Skip to main content
USGS - science for a changing world

Warming experiments underpredict plant phenological responses to climate change

Dates

Publication Date

Citation

Elizabeth M. Wolkovich, Benjamin I. Cook, Jenica M. Allen, Theresa M. Crimmins, Julio L. Betancourt, Steven E. Travers, Stephanie Pau, James Regetz, T. Jonathan Davies, Nathan J.B. Kraft, Toby R. Ault, Kjell Bolmgren, Susan J. Mazer, Gregory J. McCabe, Brian J. McGill, Camille Parmesan, Nicolas Salamin, Mark D. Schwartz, and Elsa E. Cleland, 2012, Warming experiments underpredict plant phenological responses to climate change: Nature.

Summary

Warming experiments are increasingly relied on to estimate plant responses to global climate change. For experiments to provide meaningful predictions of future responses, they should reflect the empirical record of responses to temperature variability and recent warming, including advances in the timing of flowering and leafing. We compared phenology (the timing of recurring life history events) in observational studies and warming experiments spanning four continents and 1,634 plant species using a common measure of temperature sensitivity (change in days per degree Celsius). We show that warming experiments underpredict advances in the timing of flowering and leafing by 8.5-fold and 4.0-fold, respectively, compared with long-term [...]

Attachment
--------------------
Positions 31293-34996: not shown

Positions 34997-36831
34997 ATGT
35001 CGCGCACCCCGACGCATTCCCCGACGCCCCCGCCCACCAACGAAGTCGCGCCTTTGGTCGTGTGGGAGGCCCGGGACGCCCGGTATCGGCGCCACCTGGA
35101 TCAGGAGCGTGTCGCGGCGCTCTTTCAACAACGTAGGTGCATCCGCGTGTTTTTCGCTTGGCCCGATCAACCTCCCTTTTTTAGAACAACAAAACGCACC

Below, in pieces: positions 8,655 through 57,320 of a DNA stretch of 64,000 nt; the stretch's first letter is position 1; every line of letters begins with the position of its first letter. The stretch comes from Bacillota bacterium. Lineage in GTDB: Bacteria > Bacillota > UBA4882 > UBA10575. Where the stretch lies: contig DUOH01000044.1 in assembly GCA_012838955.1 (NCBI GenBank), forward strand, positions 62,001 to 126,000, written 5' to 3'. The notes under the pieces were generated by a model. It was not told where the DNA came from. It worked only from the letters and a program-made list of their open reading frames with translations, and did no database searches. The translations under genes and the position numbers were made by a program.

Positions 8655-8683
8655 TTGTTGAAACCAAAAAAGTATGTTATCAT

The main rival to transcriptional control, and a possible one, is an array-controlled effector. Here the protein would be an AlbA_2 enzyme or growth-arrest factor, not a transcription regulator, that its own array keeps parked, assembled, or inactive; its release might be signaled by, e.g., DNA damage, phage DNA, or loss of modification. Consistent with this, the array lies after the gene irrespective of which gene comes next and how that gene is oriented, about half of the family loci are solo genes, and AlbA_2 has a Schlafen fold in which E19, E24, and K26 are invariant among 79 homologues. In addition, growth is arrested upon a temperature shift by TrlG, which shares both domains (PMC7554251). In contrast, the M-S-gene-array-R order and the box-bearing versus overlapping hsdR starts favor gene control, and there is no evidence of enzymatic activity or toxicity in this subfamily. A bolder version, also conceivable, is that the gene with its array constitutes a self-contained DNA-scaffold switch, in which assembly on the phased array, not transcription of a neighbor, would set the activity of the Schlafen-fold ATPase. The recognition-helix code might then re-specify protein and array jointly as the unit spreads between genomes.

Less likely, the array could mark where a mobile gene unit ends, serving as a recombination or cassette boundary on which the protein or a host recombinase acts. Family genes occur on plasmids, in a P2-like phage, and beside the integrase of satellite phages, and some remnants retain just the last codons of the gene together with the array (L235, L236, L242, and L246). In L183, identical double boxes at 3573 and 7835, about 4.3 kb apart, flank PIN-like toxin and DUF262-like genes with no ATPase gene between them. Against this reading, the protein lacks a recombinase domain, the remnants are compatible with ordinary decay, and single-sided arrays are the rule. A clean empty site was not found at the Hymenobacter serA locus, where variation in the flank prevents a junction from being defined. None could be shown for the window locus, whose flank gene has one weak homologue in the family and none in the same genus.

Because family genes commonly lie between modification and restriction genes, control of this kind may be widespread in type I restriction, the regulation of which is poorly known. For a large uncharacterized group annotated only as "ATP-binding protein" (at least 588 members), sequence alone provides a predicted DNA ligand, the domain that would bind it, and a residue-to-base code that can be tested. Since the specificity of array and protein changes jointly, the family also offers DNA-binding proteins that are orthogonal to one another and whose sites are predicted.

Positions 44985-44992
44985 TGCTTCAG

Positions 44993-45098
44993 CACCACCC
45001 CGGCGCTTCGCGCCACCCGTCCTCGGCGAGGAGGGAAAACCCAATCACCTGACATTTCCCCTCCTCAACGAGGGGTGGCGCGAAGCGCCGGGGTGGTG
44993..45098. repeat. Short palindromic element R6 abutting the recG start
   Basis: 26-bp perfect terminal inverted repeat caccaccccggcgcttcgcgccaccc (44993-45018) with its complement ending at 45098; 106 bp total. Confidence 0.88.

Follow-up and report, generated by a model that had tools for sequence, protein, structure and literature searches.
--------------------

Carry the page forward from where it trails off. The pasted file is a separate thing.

Contacts

Attached Files

Click on title to download individual files attached to this item.

metadata3001839621562943713.xml
Potential Metadata Source

View
3.61 KB
Thumbnail
Thumbnail

Tags

Categories
Publication
Types

Provenance

Data source
Harvester
Harvested on Wed Sep 30 04:19:09 MDT 2015 from MODS XML Service

Additional Information

Identifiers

Type Scheme Key
local-index unknown 70156907
local-pk unknown 70156907
doi http://www.loc.gov/standards/mods/mods-outline-3-5.html#identifier doi:10.1038/nature11014
series unknown Nature

Citation Extension

journalNature
languageEnglish
citationTypeArticle

Item Actions

View Item as ...

Save Item as ...

View Item...